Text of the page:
This September, the controversial Humboldt Forum will open in Berlin. Housed in a faux-reconstructed Baroque palace of the Prussian monarchy, the new complex will relocate Berlin’s Ethnological Museum and Museum of Asian Art from the margins to its center in an effort, the city claims, to establish itself as a beacon of “world culture.” The hypocrisy of such a project — returning objects looted from abroad to the symbolic seat of power that originally expropriated them — has not escaped residents, who have criticized the motivations of rehabilitating the cultural institutions of a militarist state. And this occurs at a time when such efforts, in the guise of capital architectural projects that seem more geared toward inciting tourism and foreign investment rather than meeting the needs of local residents, are retooling other parts of the city — including the planned demolition and rebuilding of Karlstadt in Hermannplatz. These projects will essentially gentrify (read: Aryanize) historically immigrant neighborhoods that have been vibrant and close-knit communities for decades.
What does all this have to do with the Bauhaus? The forum’s opening comes on the heels of a year of Bauhaus-mania (also largely funded by the German Federal Cultural Ministry). For 2019, the German government dedicated more than €17 million to celebrate the school’s 100th anniversary. Art institutions in Germany and around the world, often facilitated by Goethe-Institut satellites, offered a range of programming on the topic, revealing many understudied aspects of what is arguably the most influential art school of the past century. The most ambitious of these was the exhibition bauhaus imaginista, which took place at Berlin’s Haus der Kulturen der Welt from March 15 to June 10, 2019. Like the Humboldt Forum, it too argued for a “world culture” — one retroactively ascribed to the Bauhaus and its legacy abroad — while overlooking (or willfully ignoring) the colonial and neo-colonial forces that shaped (and continue to shape) such claims.
Revisiting bauhaus imaginista entails reflecting on the inescapable imbrication between art and politics in contemporary German culture, and the sometimes insidious ways in which the former is used for neo-liberal ends. What is one to make of an exhibition that argues for the Weimar Republic school as “an experiment in a dialogical, transdisciplinary, and transhistorical narrative”? Whose narrative is this? And what about the fact that this “transhistorical narrative” unfolded within institutions that represent the cultural arm of German foreign diplomacy? Do we celebrate or shudder at the description of the school, proposed recently by the Bundestag, as “Germany’s most successful cultural export of the 20th century”?
This is not the first time that a Bauhaus exhibition has privileged the school’s afterlife with results that invite questioning. Lucia Moholy mounted similar concerns in her review of the traveling exhibition that opened in 1968, Fifty Years of Bauhaus. She doubted “whether under the circumstances one can claim — as it happened at the opening in Stuttgart — that ‘the Bauhaus represents Germany’s contribution to the culture and civilization of the world in this century’.” But historical memory is not bauhaus imaginista’s strong suit, even though it emerged out of a multi-year research endeavor. Initiated in 2015 by the Goethe-Institut in collaboration with the Haus der Kulturen der Welt (HKW) and the Bauhaus Kooperation (a collaboration between the three main Bauhaus institutions in Germany: Dessau, Weimar, and Berlin), the “bauhaus imaginista project” was sprawling. The two appointed curators, Marion von Osten and Grant Watson, oversaw a team of researchers and institutional partners in ten countries, including Germany.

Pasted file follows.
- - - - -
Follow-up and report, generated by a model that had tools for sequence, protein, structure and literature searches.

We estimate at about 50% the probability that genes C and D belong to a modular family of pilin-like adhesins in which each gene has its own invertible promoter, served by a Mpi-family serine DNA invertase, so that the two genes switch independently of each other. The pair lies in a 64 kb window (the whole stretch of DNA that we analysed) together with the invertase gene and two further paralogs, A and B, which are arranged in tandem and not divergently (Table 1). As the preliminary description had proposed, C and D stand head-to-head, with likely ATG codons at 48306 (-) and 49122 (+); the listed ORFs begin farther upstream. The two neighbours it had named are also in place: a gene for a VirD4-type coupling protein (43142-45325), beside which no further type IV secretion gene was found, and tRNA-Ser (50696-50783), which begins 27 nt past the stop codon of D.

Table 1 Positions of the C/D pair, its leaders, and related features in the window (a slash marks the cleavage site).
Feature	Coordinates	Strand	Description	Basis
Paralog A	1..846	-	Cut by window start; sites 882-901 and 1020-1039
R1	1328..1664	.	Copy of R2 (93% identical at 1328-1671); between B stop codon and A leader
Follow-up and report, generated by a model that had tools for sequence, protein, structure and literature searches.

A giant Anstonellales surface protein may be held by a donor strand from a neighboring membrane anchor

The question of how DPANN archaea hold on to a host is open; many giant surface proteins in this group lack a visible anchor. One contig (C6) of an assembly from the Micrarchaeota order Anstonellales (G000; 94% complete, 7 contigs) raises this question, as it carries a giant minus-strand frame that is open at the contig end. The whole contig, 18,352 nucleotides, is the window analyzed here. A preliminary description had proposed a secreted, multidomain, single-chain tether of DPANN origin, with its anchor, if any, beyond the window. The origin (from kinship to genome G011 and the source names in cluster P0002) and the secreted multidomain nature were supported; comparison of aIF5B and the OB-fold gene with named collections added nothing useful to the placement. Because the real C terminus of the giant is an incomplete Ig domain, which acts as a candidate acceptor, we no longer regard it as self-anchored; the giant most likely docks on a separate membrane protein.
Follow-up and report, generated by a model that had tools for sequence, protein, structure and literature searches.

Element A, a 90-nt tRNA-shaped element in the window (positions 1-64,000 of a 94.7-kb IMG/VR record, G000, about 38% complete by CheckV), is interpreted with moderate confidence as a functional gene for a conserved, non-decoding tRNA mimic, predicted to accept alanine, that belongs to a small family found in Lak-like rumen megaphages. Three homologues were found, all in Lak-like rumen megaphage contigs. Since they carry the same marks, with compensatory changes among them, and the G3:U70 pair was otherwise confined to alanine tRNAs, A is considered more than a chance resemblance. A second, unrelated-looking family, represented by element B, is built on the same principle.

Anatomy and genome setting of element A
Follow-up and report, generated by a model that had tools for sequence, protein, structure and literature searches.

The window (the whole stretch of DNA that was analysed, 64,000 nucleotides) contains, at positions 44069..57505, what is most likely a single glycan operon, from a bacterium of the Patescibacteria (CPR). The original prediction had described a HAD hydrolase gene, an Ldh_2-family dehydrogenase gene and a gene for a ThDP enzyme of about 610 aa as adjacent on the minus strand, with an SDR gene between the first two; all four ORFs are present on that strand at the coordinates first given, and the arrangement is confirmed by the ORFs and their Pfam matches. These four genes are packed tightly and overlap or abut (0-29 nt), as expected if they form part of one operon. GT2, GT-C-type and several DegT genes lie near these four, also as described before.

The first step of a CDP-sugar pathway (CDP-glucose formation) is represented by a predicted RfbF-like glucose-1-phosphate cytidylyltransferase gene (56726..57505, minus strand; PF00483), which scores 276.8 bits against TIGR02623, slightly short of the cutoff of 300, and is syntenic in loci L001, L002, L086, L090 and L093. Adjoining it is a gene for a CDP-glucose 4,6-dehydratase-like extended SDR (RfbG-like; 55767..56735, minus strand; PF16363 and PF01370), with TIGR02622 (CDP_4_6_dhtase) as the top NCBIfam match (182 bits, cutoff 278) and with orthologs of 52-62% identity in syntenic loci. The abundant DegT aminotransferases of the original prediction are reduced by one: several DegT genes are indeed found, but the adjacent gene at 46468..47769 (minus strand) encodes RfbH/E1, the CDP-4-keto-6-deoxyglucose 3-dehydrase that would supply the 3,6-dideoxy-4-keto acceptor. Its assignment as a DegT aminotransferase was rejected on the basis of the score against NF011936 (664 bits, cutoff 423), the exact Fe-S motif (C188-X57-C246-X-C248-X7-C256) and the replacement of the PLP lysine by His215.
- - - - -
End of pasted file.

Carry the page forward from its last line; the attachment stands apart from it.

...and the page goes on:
The project was introduced to the public in March 2018, with a two-day workshop and symposium in Rabat, Morocco. Further workshops and symposia took place in New York, Tokyo, and Lagos. Last year, four exhibitions — quite distinct from that on view in Berlin —could be seen in Hangzhou, China; Kyoto, Japan; Moscow, Russia; São Paulo, Brazil; and New Delhi, India. These exhibitions were accompanied by invite-only workshops but also public symposia, often at the city’s Goethe-Institut. The project concluded with three exhibitions that opened last fall and winter: at Nottingham Contemporary in the UK, the Zentrum Paul Klee in Bern, and SALT in Istanbul.
As an exhibition at the Haus der Kulturen der Welt, bauhaus imaginista presented the Bauhaus as a supra-historical phenomenon, a set of “ideas,” as the curators put it, that “radiated out to many different nations and cultures.” (All quotations, unless otherwise cited, are from the HKW’s gallery guide or catalogue.) Spilling out of the already full galleries and into the large foyer on the ground floor, it was a sprawling show, even for the Haus der Kulturen der Welt, which has a record of ambitious, thematic-driven surveys. Visitors could see objects made at the school between its operating years of 1919 and 1933, but also many others produced outside Germany, by former students and teachers, by likeminded practitioners, and even by contemporary artists who had been commissioned by the curators to demonstrate the continuing relevance of the school for the present.